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With Dyldam Parramatta Eels prop Fuifui Moimoi leaving the Blue and Gold this season, we asked some of his teammates at the club to reflect on their memories of “the Steamtrain.”

With more than 200 games under Moimoi’s belt, after a career that spanned more than a decade and included representative honours for New Zealand and Tonga, former Eels captain Nathan Cayless says Moimoi’s hard work and character will always stick in his mind.

“There were many times over the years when we’d just be arriving at training and Fui would just be coming down from the gym,” Cayless said.

“He’d been on the treadmill for 20 minutes, half an hour, doing a footy simulation course that we had set up there on the treadmill.”

“It was tough for Fui. I’m sure he didn’t like the training, didn’t enjoy it. But he made that commitment to himself and to his family.”

“To be able to last for 200 matches, certainly his name is going to be right up there with the likes of Peter Sterling, Ray Price, Nathan Hindmarsh, Luke Burt. When they talk about Parramatta, a lot of people are going to talk about the name Fuifui Moimoi.”

“Just those charges that he put in, and the way the crowd rose whenever he carried the footy. There’s only some special people that can do that and Fui is certainly one of those.”

“I remember talking to Fui one day about trying to work on a little bit of a pass, and a bit of a side step, try to look after himself but he just said, ‘No, I love the smash, I love the smash.’ That’s what he said! He just loved running straight into blokes, and either him smashing them over or them smashing him. He just loved it.”

“And he became a real leader at the club,” Cayless added.

“This year he has taken the likes of Junior Paulo, Pauli Pauli, Kelepi [Tanginoa] under his wing and shown them the ropes and shown them what they have to do to become an NRL player. That’s a testament to Fui and the amount of hard work that he has put in.”

And away from the field, Cayless says his former New Zealand and Parramatta teammate has also been hiding wicked sense of humour.

“He’s got a wonderful sense of humour,” Cayless said.

“Not many people see it, but he loves snipping people’s undies and stealing thongs and all that sort of stuff, and loves playing practical jokes in the sheds.”

He’s definitely an inspiration to the Tongan culture, a hero of the club and someone I look up to … and getting to know him, he’s a clown,” added 2014 Eels recruit Will Hopoate.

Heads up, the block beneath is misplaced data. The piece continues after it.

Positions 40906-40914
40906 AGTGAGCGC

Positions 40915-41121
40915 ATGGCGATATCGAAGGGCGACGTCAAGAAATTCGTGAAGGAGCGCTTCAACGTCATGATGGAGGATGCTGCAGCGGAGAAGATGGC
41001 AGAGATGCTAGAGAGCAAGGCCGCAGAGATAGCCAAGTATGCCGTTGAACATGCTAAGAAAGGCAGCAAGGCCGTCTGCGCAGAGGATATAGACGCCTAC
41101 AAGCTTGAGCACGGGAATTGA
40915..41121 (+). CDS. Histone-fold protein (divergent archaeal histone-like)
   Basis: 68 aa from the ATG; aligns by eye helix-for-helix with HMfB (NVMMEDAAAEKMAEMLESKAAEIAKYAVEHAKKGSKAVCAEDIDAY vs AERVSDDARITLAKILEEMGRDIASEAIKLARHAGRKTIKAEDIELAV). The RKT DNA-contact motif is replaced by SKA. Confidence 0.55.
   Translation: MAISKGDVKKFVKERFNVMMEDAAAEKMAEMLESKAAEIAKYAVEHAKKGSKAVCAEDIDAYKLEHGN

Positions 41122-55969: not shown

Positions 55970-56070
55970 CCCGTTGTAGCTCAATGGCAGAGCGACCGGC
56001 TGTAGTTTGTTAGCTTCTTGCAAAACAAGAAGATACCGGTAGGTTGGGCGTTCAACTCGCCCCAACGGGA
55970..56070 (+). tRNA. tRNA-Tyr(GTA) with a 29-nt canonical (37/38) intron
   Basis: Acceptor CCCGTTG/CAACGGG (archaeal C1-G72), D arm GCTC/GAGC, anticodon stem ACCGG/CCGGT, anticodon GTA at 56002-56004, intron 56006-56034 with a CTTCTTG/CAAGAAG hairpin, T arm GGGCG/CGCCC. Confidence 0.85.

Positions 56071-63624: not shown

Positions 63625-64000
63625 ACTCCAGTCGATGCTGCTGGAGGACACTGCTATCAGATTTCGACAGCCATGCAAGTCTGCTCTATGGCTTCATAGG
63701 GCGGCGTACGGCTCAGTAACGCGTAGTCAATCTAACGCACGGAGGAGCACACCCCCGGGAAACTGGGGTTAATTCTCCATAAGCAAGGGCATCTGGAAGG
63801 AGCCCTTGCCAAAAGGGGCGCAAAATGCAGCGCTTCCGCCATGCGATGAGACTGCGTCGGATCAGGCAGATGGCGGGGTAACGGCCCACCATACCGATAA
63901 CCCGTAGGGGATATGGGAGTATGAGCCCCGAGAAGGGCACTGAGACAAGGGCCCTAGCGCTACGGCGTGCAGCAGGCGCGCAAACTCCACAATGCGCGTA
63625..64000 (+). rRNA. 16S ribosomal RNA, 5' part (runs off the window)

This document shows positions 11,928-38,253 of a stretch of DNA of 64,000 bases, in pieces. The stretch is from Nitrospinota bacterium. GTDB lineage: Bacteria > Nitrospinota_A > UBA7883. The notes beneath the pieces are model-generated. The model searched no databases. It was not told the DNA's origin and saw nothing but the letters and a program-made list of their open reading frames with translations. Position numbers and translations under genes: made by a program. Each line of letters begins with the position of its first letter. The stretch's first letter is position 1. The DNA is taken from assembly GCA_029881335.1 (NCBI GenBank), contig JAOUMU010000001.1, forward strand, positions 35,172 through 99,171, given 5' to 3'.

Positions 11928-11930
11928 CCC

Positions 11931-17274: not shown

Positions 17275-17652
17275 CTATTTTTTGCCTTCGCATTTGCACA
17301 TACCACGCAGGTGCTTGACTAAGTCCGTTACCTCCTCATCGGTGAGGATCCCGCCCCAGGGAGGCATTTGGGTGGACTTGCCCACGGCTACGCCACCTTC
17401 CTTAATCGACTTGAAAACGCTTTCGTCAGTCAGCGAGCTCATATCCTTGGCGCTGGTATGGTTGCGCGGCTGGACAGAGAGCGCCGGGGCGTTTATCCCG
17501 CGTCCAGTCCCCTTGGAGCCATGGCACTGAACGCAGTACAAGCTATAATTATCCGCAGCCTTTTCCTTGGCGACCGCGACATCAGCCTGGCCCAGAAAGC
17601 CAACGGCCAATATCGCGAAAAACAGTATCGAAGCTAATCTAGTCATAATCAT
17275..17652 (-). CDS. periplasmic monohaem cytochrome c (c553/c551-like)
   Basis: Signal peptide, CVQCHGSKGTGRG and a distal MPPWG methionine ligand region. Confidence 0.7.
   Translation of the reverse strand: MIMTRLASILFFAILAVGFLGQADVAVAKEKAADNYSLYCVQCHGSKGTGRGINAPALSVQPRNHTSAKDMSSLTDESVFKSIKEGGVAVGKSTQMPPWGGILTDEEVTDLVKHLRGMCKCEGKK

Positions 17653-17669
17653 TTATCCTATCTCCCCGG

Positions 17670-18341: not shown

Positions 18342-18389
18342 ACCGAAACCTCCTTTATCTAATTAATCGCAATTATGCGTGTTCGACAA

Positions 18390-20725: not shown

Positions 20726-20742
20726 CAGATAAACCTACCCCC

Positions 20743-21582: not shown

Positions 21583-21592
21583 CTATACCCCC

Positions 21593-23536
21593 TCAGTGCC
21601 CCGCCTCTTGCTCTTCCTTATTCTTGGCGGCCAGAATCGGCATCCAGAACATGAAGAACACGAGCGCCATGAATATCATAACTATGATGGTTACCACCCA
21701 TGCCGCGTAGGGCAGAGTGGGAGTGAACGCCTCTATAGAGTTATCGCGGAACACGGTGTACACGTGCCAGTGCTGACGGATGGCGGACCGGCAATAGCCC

“Just always mucking around on the field, in the gym, stealing everything from everyone. I’ve loved getting to know Fui.”

“When he says he’s going to borrow something he’s borrowing it for life. That’s classic Fui!”

Eels fullback and co-captain Jarryd Hayne says along with the practical jokes, Moimoi also brings a gentle and generous heart.

“Fui’s awesome,” Hayne said.

“Fui’s probably got one of the softest hearts out of the boys. He definitely loves having a joke and we love having a joke with him, he’s probably one of the funniest blokes I know.”

“He tries to be quiet but he’s very cheeky and he’s just a great athlete as well; one of the most powerful athletes I’ve ever seen.”

And looking over Moimoi’s more than 200 games and success at the highest level of the game, Cayless says it’s hard to choose a standout from Fui’s long list of achievements on the field and off.

“To be able to play for his county and to be able to build a career out of rugby league,” Cayless said.

“To be able to pay for his mother’s house back in Tonga. The amount of charity work that he does and how generous the guy is. He was always asking for extra gear at training, but he wasn’t asking for it for himself. We all thought ‘oh he wants some extra gear’, but he was actually getting all the old boots and old gear and sending it back to Tonga to all the young kids back there.”

“He always felt a bit guilty when we’d ever go to team dinners and lunches we’d have, you know, food all over the table and he’d get a little bit upset because he’d be thinking about his family and his parents back in Tonga not having too much food. Some of the little things that we got to know about Fui show you how big a heart he has.”

Acknowledgement of Country

Parramatta Eels respect and honour the Traditional Custodians of the land and pay our respects to their Elders past, present and future. We acknowledge the stories, traditions and living cultures of Aboriginal and Torres Strait Islander peoples on the lands we meet, gather and play on.

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